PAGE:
Two-time Costa Rican president and Nobel Peace Prize winner Oscar Arias believes his nation’s greatest contribution to the world is peace, which has come in the form of a homegrown initiative approved last month by the UN as the Arms Trade Treaty (ATT).
Arias made the statement during an exclusive interview with Gulf Times. “This is the most important legacy that Costa Rican diplomacy has given to humanity and the world. I feel so proud that this was born in my foundation,” said the Nobel Laureate, who is also the founder of the Arias Foundation for Peace and Human Progress.
The foundation was set up with the monetary reward he received from the Nobel Peace Prize and produced a code of conduct for arms transfers that gained support at a New York meeting in 1997. “I never thought I would see it approved by the UN in my lifetime. All the hard work put in to convince nations around the world that arms trade needs to be regulated to prevent trafficking that fuels conflict has paid off,” he said.
Arias was in Doha en route to Bahrain to attend the Interaction Council, an association of former heads of state.
The ATT was adopted by the UN General Assembly on April 2 as a resolution with 154 votes in favour, three against by North Korea, Iran, and Syria and 23 abstentions, including China and Russia, who are among the world’s leaders in weapon exports.
During his first term as president from 1986 to 1990, Central America was riddled with conflict and proxy wars between the two superpowers engaged in the Cold War. After proposing a peace plan that didn’t require a military solution as an end to conflicts between governments and rebels in El Salvador, Guatemala, Nicaragua, Honduras and Panama – a move that wasn’t in the interest of either of the two nations but solved the conflicts within a decade and landed him the Nobel Prize – Arias started dreaming, planning and promoting a legislation to end the life support of conflicts Costa Rica had peacefully witnessed at its borders: arms smuggling and trade.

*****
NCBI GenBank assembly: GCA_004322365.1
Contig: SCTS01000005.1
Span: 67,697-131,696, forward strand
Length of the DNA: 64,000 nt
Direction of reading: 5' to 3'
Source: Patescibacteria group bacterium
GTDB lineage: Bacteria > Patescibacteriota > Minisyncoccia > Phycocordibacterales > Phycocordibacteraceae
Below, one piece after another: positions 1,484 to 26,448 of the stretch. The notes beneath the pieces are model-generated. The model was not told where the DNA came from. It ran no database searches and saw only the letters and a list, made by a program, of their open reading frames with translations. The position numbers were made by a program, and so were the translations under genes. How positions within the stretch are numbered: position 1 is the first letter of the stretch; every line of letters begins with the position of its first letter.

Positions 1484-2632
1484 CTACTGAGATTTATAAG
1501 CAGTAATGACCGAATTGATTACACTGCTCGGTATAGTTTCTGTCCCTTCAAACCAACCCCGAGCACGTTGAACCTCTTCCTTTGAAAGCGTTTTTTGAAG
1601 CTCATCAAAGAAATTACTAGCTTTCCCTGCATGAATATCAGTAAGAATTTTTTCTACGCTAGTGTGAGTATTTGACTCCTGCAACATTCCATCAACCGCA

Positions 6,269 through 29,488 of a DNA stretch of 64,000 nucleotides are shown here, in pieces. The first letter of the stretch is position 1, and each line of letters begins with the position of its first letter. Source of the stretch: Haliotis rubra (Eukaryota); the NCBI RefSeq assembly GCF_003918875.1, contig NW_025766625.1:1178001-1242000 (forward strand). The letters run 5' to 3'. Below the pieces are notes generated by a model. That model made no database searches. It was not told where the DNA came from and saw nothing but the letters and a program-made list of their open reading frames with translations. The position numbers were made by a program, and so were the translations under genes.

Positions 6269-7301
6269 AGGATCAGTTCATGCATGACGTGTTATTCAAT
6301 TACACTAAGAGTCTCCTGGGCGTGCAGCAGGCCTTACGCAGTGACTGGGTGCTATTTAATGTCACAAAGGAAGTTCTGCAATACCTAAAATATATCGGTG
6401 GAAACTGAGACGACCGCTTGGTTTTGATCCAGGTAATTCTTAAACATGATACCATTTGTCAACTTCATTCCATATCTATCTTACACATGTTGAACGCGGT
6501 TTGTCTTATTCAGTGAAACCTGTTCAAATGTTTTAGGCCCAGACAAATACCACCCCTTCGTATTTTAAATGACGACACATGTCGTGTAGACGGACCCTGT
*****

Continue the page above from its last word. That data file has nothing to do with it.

“Costa Rica abolished its military in 1948 but I kept my country safe by isolating it from the conflicts. The next step was to offer a peace plan to our neighbours in which all parties were involved, even at an international level, and that democracy was a prerequisite for peace. It worked,” he said. “But the weapons were still there. ‘How did they get there in these conflicts and in all the others around the world?’ I was asking myself.”
The treaty regulates the estimated $70bn-a-year worth of commerce of conventional weapons and can become an international law if the parliaments of 50 UN member-nations approve the order to become such a law, according to Arias.
Costa Rica’s only diplomatic mission in the Arab World is in Qatar, set up during the second term of Arias (2006-2010) in line with his aim to boost Costa Rica’s diplomatic relations across the world. During his Doha visit, Arias met briefly with HH the Emir Sheikh Hamad bin Khalifa al-Thani and HH Sheikha Moza bint Nasser; the visit also included Qatar Foundation and the Museum of Islamic Art.
“The architecture is spectacular, and while I may not be an expert in Islamic art, it’s very impressive that Qatar holds such a collection,” he said, adding that his foundation is working to establish a museum of peace. “I want this to show the world that not all conflicts have to be solved by military means. I want this to be my legacy. We’ve seen this in Central America, Northern Ireland, South Africa.”
Source: Gulf Times